In the UK it has become a bit of standing joke to talk about the weather. I am sure we are known in other countries as the country who incessantly moans about the weather 😉 Now unless you are planning to up sticks and move to a different country the general pattern for our weather is not likely to change drastically anytime soon. Winter brings with it, shorter daylight hours, colder temperature, grey skies and plenty of wind and rain.

This time of year particularly January and February can also feel depressing after all of the fun and frivolities of the festive season so how do we combat the winter blues so that we don’t drive everyone around us crazy with our depressed and lethargic demeanor?

Well getting clear on how you are actually feeling is step one. Stop; take a minute and truly feel your feelings and think your thoughts… sounds weird right? BUT it really works. Once you have felt and thought, joy down what you have noticed. Are you experiencing:

  • Lethargy
  • Low mood / apathy
  •  Low libido
  • Increased hunger Cravings for carb based foods
  • Withdrawal from friends and family / social situations
  • Poor sleep quality
  • Difficulty waking and getting up in the morning








Image supplied by David Goehring

Most of will have a ticked a couple of these, no matter what time of year it is, however if you have ticked most of them, or notice a marked difference in how you feel in the summer months to the winter months then you may be suffering from Seasonal Affective Disorder (SAD) or a big, black, cloud shaped dose of the Winter Blues.

SAD defined:
A combination of a change in seasonal light, our hectic lifestyles and the periods of darker days and poorer weather, can result in dramatic effects on our circadian rhythms. These factors have diminished the body’s natural ability to regulate the body clock and this work/life change has resulted in a dramatic increase in light deficiency symptoms.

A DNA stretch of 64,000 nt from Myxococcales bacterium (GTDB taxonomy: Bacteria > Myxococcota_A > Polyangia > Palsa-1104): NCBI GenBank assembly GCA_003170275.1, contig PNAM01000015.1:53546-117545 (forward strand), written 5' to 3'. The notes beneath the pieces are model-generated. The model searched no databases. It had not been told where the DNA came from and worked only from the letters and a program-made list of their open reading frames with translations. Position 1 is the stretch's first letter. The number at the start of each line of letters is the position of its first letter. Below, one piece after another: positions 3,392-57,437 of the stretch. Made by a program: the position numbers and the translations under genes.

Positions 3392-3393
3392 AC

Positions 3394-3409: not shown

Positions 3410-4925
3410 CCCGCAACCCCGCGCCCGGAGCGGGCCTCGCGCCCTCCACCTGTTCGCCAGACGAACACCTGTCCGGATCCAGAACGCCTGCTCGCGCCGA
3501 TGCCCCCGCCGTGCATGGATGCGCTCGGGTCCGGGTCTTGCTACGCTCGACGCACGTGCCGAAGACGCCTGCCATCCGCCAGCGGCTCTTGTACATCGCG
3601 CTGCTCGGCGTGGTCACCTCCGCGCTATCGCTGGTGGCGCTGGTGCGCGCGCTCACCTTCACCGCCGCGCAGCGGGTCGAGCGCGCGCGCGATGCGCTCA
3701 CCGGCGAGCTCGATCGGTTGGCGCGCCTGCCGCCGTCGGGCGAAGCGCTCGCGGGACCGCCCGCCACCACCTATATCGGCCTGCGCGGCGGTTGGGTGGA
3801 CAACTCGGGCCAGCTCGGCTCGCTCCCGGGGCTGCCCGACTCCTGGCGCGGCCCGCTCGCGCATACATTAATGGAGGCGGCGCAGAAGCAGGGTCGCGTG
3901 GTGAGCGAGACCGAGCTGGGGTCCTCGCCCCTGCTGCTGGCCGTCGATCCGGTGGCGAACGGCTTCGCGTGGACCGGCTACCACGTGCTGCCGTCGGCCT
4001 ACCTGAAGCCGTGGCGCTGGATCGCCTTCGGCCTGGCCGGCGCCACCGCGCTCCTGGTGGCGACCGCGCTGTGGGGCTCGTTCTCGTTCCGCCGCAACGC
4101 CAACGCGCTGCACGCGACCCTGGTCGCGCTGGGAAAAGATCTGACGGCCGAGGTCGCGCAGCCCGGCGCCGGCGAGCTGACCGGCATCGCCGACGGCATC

Historically we only ever worked outdoors; two hundred years ago 75% of the population worked outdoors now less than 10% of the population work in natural outdoor light. Whilst this is fine in the Summer months when there are longer daylight hours, in the Winter months, people tend to go to work in the dark and go home in the dark and don’t get to enough natural daylight.
Like many mammals in the natural world, the human body responds to light. As a result our bodies are tuned in to the daylight hours in order to maintain our circadian rhythms. These rhythms regulate many important bodily functions and if you do not receive the correct daylight signals at the correct time this can have significant affects on your well being. Circadian Rhythms help to regulate and control; food digestion, appetite for food, energy levels, sleep quality and length, and mood. Your Circadian Rhythm are effectively your body’s internal clock and if these rhythms are disrupted it can result in you suffering from Seasonal Affective Disorder (excerpt taken from )










Combating the Winter Blues Tips:
1.    Get to bed on time and create consistency. The ideal time is 10:30pm, with 8 hours minimum being shown as the bare minimum we should be looking to get for optimal health
2.    Get out in nature every day for at least 15minutes. A simple walk around the block is better than nothing
3.    Purchase a lumi lamp to help regulate and balance hormone levels
4.    Avoid excessive caffeine and sugar consumption as it will only make your peaks and troughs in mood and energy worse and disrupt your sleep further
5.    Join some type of social activity that you find fun, engaging and inspiring. We have just started Salsa classes with some friends, we are terrible at it but it is incredibly good fun and releases a big dose of feel good hormones as we laugh off our poorly timed dance steps!